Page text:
• Investments may not be eligible for RRSP/TFSA tax sheltering. If this is the case, you should make sure to factor in the tax that will be payable on the gains before deciding whether the investment is worthwhile for you.
  • Returns may not beat the stock market. The flipside of one of the advantages. If you’re a savvy investor, there’s no question, you could possibly make a better return on the stock market in the long run.

What are Examples of Community Bonds?

Two community bonds that I have recently found out about are SolarShare and ZooShare. SolarShare offers $1000 5-year bonds with an annual rate of return of 5%. There is a $40 membership fee to join the co-operative however which slightly lowers the effective rate of return. The bonds are not currently eligible for RRSP/TFSA sheltering, and you currently can’t buy more than one of them, but both of these conditions will go away as soon as the bonds have been approved by the Financial Services Commission of Ontario (a process which is currently underway). The money provides capital for the organization to construct and maintain solar power generation projects in the province of Ontario. Thanks to Ontario’s Feed-In Tariff program, the power generated is bought at a guaranteed rate over a fixed term. Since SolarShare already has a good number of solar panels already installed and functioning, this makes for a fairly low-risk investment in my opinion.

ZooShare is a little bit higher risk, only because the investor is exposed to risks associated with project construction. ZooShare proposes to build a biogas plant capable of generating power from the digestion of animal manure and food waste. The reason its called ZooShare is because it will be located at the Toronto Zoo and one of the main feeds to the plant will be ‘zoopoo’ – manure from the animals in the zoo. ZooShare plans to offer $500 and $5000 7-year bonds with an annual rate of return of 7%. Like SolarShare, there is a fee to join the co-operative ($100) but if you join the co-operative before they start issuing bonds, they will give investors a $100 discount on their first investment, essentially eliminating the fee to invest. Also, like SolarShare, the bonds will be RRSP/TFSA eligible once the regulatory approvals process has been completed.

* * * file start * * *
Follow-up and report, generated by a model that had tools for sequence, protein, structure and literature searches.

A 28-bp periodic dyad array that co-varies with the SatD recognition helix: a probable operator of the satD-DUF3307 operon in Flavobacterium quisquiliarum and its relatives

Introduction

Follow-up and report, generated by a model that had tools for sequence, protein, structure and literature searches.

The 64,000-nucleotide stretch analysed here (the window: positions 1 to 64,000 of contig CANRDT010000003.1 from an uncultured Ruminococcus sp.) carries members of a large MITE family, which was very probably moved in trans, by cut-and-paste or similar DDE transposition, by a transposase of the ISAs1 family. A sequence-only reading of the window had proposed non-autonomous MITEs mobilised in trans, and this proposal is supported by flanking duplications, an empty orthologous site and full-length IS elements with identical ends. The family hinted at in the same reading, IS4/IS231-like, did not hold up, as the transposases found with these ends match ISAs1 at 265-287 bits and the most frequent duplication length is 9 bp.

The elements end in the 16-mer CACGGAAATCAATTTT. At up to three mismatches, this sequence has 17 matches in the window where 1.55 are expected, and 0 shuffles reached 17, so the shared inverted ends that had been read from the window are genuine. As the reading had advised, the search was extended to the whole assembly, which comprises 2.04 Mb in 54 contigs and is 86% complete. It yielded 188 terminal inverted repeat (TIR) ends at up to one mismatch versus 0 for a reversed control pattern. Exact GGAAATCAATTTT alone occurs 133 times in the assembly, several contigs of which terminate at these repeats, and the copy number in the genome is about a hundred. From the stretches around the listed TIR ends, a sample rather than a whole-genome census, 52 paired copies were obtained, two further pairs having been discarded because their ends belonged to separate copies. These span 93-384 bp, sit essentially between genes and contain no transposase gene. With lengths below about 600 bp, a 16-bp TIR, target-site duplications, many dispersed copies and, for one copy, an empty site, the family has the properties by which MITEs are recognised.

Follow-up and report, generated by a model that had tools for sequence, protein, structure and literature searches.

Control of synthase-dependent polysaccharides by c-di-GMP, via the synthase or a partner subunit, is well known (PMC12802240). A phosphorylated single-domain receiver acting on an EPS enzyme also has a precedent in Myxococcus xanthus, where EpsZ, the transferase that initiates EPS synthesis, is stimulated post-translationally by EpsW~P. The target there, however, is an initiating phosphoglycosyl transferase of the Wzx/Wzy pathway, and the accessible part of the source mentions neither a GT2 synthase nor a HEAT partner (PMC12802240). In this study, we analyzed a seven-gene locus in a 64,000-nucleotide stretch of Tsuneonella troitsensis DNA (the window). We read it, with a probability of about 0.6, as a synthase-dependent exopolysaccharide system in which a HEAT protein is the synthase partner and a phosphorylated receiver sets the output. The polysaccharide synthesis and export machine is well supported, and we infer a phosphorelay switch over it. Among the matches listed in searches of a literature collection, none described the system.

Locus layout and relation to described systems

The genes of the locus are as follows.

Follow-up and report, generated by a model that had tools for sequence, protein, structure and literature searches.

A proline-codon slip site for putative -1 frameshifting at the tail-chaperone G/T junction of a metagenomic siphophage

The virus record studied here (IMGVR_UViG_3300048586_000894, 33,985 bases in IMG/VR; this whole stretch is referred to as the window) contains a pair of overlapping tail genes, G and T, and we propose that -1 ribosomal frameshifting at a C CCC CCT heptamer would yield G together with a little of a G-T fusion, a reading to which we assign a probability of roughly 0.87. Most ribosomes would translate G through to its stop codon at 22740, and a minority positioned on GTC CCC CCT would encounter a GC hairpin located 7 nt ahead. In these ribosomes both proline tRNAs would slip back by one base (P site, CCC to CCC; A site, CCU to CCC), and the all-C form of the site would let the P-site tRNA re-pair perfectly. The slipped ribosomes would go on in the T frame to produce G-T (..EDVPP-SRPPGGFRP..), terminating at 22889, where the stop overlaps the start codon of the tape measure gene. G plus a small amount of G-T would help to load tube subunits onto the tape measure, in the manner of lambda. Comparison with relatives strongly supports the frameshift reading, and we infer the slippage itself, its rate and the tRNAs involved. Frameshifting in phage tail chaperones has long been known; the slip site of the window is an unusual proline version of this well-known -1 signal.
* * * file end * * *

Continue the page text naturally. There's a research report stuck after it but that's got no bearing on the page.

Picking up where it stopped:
Both of these projects are great examples of community-driven efforts which stand to improve the health of our environment, keep money in the local community and provide a competitive return to investors. And that, to me, is a socially responsible investment.

Disclosure: At the time of writing, I am currently not a member and have not invested in either of these co-operatives, but do have intentions of investing in both in the near future.

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2 thoughts on “Community Bonds – A Primer

  1. It sounds like a pretty cool concept. I’m sure lots of people would want ton invest in a local, environmentally friendly cause, especially if it produces decent returns. I’ll have to watch out for something similar in BC, but I wouldn’t go for it unless it was covered in my TFSA.

    As for the zoo poop thing, that is an awesome idea too. I think every zoo should be considering something like that when feasible.